China is building more reactors at home than any other country, and its state-owned nuclear companies are beginning to enter the international market in Pakistan, Argentina and the UK. Russia’s Rosatom, already an established exporter, is providing reactors for plants in Eastern Europe, India, Bangladesh and Turkey.
Russia is also changing the rules of the game by offering generous financing that makes nuclear energy affordable to more nations. Moscow is targeting non-nuclear states in the Middle East and Africa with a model to build, own and operate the plants.
The State Department intends to actively dissuade its partners from working with China and Russia, according to Christopher Ford, assistant secretary for international security and nonproliferation.
Ford previewed that message last month at the Hudson Institute in Washington DC: “Russia and China also use reactor sales by their heavily state-supported nuclear industries as a geopolitical tool to deepen political relationships with partner countries, to foster energy dependence by foreign partners, and sometimes even to use predatory financing to lure foreign political leaderships into ‘debt traps’ that give Beijing or Moscow leverage that it can exploit later for geopolitical advantage.”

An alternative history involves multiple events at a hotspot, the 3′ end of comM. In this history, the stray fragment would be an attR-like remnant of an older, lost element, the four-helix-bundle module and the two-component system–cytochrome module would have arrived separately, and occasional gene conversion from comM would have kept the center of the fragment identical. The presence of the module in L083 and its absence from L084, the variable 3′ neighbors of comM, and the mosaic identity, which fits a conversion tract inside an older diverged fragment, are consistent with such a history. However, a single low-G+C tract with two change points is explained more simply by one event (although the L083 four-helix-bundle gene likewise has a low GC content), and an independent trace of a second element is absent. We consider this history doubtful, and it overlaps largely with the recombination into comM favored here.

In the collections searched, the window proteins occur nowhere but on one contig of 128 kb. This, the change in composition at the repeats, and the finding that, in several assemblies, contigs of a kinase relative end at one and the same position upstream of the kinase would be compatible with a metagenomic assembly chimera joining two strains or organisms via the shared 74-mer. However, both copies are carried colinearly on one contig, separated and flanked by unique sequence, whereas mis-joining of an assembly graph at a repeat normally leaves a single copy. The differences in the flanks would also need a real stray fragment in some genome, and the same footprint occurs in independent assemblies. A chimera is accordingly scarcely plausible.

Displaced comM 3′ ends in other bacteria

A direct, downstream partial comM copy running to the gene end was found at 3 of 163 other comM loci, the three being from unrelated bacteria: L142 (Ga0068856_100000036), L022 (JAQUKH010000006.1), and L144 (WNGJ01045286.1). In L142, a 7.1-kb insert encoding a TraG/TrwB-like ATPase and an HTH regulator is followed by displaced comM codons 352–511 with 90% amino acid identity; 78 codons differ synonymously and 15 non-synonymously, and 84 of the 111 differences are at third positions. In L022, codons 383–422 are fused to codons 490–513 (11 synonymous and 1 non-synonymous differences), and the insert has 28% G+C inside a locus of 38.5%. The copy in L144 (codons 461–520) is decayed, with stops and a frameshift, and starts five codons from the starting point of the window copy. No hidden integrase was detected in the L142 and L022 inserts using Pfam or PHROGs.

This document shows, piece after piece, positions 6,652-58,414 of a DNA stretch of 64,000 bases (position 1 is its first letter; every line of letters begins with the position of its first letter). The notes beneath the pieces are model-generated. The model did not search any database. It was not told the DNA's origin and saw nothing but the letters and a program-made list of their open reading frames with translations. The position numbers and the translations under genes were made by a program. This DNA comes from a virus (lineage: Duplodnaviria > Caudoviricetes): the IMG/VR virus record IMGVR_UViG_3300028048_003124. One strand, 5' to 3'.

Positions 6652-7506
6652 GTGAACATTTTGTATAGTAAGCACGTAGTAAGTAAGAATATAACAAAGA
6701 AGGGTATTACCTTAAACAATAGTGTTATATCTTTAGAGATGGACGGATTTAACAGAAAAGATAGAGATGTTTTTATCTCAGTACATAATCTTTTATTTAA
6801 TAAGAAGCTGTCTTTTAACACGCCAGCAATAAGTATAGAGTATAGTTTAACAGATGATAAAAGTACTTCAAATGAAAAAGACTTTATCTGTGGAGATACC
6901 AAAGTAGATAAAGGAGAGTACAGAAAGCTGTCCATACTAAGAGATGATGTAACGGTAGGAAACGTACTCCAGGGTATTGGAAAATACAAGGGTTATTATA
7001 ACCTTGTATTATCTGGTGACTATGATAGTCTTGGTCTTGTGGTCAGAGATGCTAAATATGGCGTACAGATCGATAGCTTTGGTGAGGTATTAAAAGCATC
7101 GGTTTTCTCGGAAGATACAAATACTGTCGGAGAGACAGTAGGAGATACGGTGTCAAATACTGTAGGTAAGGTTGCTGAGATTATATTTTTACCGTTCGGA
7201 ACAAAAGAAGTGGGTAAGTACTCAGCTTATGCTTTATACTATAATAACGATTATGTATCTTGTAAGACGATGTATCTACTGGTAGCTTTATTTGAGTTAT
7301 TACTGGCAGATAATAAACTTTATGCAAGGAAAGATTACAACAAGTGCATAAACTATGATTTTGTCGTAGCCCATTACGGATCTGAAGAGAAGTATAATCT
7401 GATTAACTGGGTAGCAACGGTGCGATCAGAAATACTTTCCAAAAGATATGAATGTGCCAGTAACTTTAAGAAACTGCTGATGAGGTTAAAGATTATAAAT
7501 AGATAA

New plan takes shape
During the address, Ford outlined State’s plan to help American companies compete with Chinese and Russian firms.
The department will more closely coordinate nuclear cooperation efforts across agencies and ramp up informal, non-binding talks with nations that might pursue nuclear energy technology. The goal is to expand the number of countries engaged in ongoing communication with U.S. government agencies, nuclear energy companies and researchers.
The State Department will do this by signing nuclear cooperation memorandums of understanding with the countries.
Under the MOUs, American experts would help foreign nations develop the apparatus necessary to accommodate a nuclear energy industry. That includes creating safety, security and non-proliferation protocols, as well as an independent regulatory system.